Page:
Groin pain is an extremely common presentation in exercise and sports medicine, and is
November 15, 2022
Groin pain is an extremely common presentation in exercise and sports medicine, and is renowned for being a complex issue. It is most common with sports that involve kicking, rapid acceleration and declaration, and sudden change of direction. The anatomy of this region is also complex; the load on this region is extremely high in sports that involve the aforementioned movements, and can also involve the hip joint which is not a superficial joint, making it hard to examine.
The two most common sports associated with groin injury and longstanding pain are soccer and Australian Rules football, which require players to run fast and kick across the body. Longstanding groin pain is also a major concern in basketball, American football, rugby, field hockey, skating, tennis, and basketball.
Some studies have reported:
Risk factors for groin pain have been poorly established due to lack of a universal definition of groin pain until recently. A systematic review in 2007 (4) found that they included:
Another study found that soccer players with a previous hamstring injury, groin injury and knee joint trauma are two to three times more likely to suffer an identical injury in the following season. (5)
Acute injuries around the groin can settle quickly; however it is the resultant altered biomechanical loads that can predispose the sportsperson to further injury. Rushed or inadequate rehabilitation can increase the risk of re-injury dramatically. The hip joint can be subjected to forces of up to eight times body weight during running (6); therefore a small change in load transfer and acceptance around the pelvis can result in injury. Therefore, altered biomechanics can lead to injury, or increase the likelihood of an existing injury becoming longstanding.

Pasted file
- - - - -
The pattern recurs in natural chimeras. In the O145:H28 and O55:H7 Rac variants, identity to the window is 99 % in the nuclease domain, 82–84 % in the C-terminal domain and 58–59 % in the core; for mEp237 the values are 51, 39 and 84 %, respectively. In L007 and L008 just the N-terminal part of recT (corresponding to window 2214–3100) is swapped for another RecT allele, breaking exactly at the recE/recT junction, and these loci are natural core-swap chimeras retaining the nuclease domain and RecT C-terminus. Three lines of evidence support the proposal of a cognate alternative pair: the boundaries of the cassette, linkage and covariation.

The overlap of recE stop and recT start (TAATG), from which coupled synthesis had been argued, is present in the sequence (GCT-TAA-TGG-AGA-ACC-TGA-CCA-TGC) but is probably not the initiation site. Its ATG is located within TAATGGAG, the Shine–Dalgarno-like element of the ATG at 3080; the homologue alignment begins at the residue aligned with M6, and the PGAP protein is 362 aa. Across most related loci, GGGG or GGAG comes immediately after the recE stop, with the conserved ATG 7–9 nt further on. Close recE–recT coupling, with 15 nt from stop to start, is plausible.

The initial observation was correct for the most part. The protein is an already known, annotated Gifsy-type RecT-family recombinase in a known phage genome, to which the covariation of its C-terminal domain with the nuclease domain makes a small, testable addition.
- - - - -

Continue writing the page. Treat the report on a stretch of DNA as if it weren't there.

Physio or Chiro treatment for groin pain includes identifying and reducing the sources of increased load on the pelvis with manual therapy, such as lumbar stiffness, hip restrictions, core stability or pelvic imbalances. Treatment also involves improving lumbopelvic stability, strengthening local musculature as well as ensuring exercise is performed without pain for a rehabilitation programme. Untreated groin injuries can commonly lead to chronic exercise-related groin pain, and so must be treated properly to minimise recurrences and return to sport time frames.